As I write the last Upfront column of the year on the eve of Thanksgiving, I have been thinking about the things in life for which I am grateful. This is always worth doing, and more so when the going gets tough. Indeed, 2009 has been year filled with upheavals that riveted our attention.
I'm sure I am not alone in this; the past year and a half probably has been the most arduous period that many of us have ever faced. As we've endeavored to weather the storm, we have been compelled to adapt to an uncertain business climate and to take action if we want to survive. Complacency wasn't an option this year and, somehow, I don't think it will ever be again.
It is natural to wish that events might have unfolded differently, but I'd rather focus my time and energy on more productive tasks. Eternal optimist that I am, I also think there is a silver lining here. The economic challenge has been the blow we needed to get our attention. Unfortunately, there has been a lot of collateral damage too. But all these things represent life's lessons that I have come to appreciate. The current unpleasantness also may turn out to be the catalyst for the recovery of the coin machine business.
It was "back to basics" for most of us in 2009, as we had to decide what was absolutely necessary and what we could live without. We discovered we had the fortitude to work harder and manage our time more efficiently. We became skilled at reducing our overhead through more productive use of our resources. We revisited the value of our business partners, both inside (employees) and outside (suppliers) our organizations. We worked harder to present ourselves as professional service providers, emphasizing customer satisfaction.
As an industry, we began to pull together as we regained our respect for the old adage that there is strength in numbers – and we've endeavored to concentrate that strength by consolidating trade shows and trade associations. Together, we've sharpened our recognition that perception is reality in business, and we've continued to look for ways to cast a more uniform and realistic light on an industry too often misunderstood by government and the general public.
Inevitably, the merchandise vending business will continue to grapple with shifts in manufacturing employment and threats of new taxation, regulation and employer mandates. The steadily closing vise of legal and regulatory constraints will squeeze the neighborhood tavern into an ever-narrower niche, eroding the market for the street operator. If we don't fight back on all fronts, we may become the victims of over-zealous politicians looking to score debating-points at the expense of poorly understood segments of the economy. Whether we are blamed for childhood obesity or adolescent delinquency, we confront an uphill battle in an environment that (in my humble opinion) could benefit from a healthy dose of humanity, substance and equity.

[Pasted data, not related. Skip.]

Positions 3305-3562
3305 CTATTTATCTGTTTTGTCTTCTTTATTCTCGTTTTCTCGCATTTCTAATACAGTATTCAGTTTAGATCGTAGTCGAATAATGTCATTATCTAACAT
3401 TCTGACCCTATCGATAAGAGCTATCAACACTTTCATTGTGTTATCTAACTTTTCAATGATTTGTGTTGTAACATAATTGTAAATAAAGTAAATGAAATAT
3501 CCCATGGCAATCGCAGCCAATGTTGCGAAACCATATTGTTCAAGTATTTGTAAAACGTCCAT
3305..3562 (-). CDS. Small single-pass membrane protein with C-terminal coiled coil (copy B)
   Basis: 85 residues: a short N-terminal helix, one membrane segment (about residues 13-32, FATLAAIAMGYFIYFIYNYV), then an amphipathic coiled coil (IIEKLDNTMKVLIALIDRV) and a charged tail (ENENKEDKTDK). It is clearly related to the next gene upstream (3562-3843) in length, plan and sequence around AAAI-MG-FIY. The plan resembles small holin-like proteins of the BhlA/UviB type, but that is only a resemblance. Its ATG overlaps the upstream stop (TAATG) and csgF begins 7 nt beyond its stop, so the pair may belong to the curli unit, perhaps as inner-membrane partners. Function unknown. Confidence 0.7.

But what I also know for sure is that there still is a need for refreshment away from home, and a desire by consumers for convenient access to a wide selection of products, wherever they may be. And there is a large (and probably growing) market for out-of-home, pay-per-use recreation and for alternate sources of high-quality entertainment. Imaginative new technology and sophisticated promotional approaches will allow us to learn more about our customers, devote more attention to spending patterns and provide better solutions to meeting patrons' needs. What also is certain is that, as these changes reshape our industry, we will attract a larger audience of consumers and players. Because complacency has not been an option for us this year, we're ready to act.
But while I'm thankful for the alarm-bells that have roused us to take a new look at what we're doing, this optimist still has her concerns. Our industry is ready, yes; but we can't do it alone. I am troubled by the evident unwillingness of economic sectors with much higher profiles than ours to rethink their overall approach. It seems to me that in the midst of trying to minimize costs by rationalizing and refining everything to perfection, management has fallen into a stale routine that has paralyzed too many of today's organizations.
Everyone has a business plan and a mission statement; everyone focuses on core competencies, and strives to stay ahead of the curve and outside the box. But that posture at present seems to entail an unwillingness to invest in maintaining (let alone establishing) fruitful long-term relationships with key market segments like (yes!) vending, amusements and music.
Many firms seem to have lost sight of the famous Law, attributed to publishing pioneer Arthur H. (Red) Motley: Selling drives the enterprise – always has, always will. The sooner current management theory returns to that essential truth, the better it will be for all of us.